mental illness symptomsMental illnesses take many forms. In fact, there are more than 200 different mental illnesses, each with their own signs and symptoms. There are several signs and symptoms that indicate that a person is mentally ill. Contrary to what many people believe, it is a rather common illness that millions of people experience. In fact, some 54 million people suffer from mental illnesses in America alone. In Britain, one out of four people suffer from mental illnesses.

What are the Symptoms?

Mental illness symptoms depend on the kind of disorder the person has and differs according to personal situations. They may also differ according to age and past experiences. Normally, however, a person with a mental illness is unable to cope with daily activities. He may become overwhelmed with normal activities that he would otherwise have no difficulty doing.

People with mental illnesses experience unexplainable pains and aches that do not show in medical examinations. They may show exaggerated tiredness, loss of interest in food, sex, relationships, conversations and other things. They may also be unusually sensitive to light or may develop a fear of being touched or touching others. You may also notice disorganized speech, inappropriate dressing up for occasions, constant fidgeting, uneasiness or restlessness.

Physical changes in a person can also be considered as mental illness symptoms. People with mental illness can lose interest in improving their appearance and hygiene. Some mental illness symptoms that are related to physical changes includes gaining or losing a noticeable amount of weight, dry hair, dry skin and eye bags.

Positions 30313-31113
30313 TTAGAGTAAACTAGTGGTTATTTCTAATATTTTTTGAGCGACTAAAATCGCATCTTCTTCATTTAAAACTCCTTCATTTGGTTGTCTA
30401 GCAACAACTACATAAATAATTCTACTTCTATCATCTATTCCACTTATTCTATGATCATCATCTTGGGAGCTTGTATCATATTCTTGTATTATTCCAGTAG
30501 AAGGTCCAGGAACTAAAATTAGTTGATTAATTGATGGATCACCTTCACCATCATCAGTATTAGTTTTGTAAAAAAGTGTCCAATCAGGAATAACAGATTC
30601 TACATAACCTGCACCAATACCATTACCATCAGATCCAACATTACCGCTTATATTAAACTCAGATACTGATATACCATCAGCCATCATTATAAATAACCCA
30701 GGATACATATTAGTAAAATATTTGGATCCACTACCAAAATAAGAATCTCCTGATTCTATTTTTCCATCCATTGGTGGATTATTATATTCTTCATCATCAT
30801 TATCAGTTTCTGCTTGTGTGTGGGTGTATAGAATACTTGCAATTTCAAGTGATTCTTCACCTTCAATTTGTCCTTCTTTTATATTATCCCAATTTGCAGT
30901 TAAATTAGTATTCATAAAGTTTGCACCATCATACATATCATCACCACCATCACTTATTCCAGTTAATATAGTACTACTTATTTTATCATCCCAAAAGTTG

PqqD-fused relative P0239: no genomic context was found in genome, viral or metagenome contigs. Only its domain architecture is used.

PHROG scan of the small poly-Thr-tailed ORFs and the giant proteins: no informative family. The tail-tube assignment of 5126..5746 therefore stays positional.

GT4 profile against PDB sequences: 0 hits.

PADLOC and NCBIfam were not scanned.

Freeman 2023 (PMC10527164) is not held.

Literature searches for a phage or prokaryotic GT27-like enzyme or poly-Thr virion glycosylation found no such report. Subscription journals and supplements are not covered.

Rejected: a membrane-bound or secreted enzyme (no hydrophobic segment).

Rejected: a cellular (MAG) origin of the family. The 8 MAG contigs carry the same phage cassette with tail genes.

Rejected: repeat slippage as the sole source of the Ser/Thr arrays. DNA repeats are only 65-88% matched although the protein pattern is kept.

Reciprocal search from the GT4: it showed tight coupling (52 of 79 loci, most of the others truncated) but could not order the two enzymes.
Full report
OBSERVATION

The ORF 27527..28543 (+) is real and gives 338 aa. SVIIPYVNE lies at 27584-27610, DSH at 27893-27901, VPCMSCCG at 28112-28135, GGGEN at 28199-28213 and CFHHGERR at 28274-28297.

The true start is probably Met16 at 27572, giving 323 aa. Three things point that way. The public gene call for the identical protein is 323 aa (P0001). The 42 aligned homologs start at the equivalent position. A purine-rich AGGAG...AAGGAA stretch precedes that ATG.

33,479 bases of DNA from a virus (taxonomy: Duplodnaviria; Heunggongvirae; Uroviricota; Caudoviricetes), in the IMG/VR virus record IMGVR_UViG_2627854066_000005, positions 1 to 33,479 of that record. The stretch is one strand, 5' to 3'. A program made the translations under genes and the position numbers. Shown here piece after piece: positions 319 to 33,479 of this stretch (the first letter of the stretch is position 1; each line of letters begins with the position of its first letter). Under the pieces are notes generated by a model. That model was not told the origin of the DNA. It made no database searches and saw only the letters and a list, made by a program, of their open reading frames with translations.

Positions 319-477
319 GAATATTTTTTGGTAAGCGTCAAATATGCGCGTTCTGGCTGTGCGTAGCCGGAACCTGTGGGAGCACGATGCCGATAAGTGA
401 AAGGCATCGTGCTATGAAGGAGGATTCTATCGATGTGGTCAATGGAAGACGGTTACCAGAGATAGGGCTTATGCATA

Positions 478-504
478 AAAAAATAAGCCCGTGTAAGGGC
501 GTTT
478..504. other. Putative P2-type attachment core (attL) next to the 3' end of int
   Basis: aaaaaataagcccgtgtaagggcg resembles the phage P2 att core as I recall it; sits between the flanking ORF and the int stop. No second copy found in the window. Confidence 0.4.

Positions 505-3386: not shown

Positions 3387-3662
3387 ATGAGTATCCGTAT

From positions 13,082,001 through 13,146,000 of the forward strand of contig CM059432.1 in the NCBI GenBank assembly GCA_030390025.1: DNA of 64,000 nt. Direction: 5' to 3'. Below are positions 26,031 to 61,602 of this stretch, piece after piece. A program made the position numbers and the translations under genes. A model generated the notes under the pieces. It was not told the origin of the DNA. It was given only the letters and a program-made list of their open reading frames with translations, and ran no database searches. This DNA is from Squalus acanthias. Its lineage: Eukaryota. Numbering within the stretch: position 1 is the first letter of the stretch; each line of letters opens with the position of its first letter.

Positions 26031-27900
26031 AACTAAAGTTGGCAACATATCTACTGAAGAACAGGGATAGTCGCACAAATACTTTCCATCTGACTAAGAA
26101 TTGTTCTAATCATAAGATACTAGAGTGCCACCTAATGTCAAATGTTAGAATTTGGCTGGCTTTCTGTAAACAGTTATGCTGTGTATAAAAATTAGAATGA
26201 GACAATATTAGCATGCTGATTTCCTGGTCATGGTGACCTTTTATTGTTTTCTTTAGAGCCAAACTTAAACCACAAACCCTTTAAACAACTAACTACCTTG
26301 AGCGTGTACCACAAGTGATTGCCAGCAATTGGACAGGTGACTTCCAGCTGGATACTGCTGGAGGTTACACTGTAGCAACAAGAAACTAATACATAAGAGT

In adults, other mental illness symptoms include extreme irritability, sadness, guilt, fear, anxiety, extreme changes in sleeping habits, poor reasoning, poor judgment, poor memory, inappropriate emotional responses, very low self-esteem, poor concentration, paranoia, social withdrawal, confused thinking, hallucinations or delusions, suicidal thoughts, drug or alcohol abuse, denial of obvious problems and frequent anger outbursts.

In younger children, mental illness symptoms include poor grades, changes in school performance, persistent nightmares, frequent skipping of classes, aggressive disobedience, hyperactivity and frequent tantrums.

How to Deal With Mental Illness

Mental illness symptoms may not be immediately apparent to those people around the patient. Relatives, friends and colleagues may suspect an entirely different condition or disease once they notice the behavioral and physical changes on the patient. This becomes more complicated if you do not know the patient personally. For instance, some people trust schizophrenics until it’s too late. Others marry mentally-ill people who just torture them and give them a miserable life.

It is important to be able to understand normal human behavior and recognize absurdity or lack of balance in behavior whenever they occur. Negotiating, interacting or creating intimate relationships with mentally ill people poses  a real danger, especially those whose signs of abnormality show only when they are alone. You have to be well-informed and be able to recognize absurdities in the human behavior that reflect psychological disorders.

If you have a loved one whom you suspect is suffering from a mental illness, inform other family members and friends, and then seek the help of a mental institution or a psychologist. They can help the patient recover by providing the appropriate assistance that includes medicine prescriptions, behavior modification therapy and other therapeutic sessions. Remember that mental illness is a condition and not a disease, so there is always hope.

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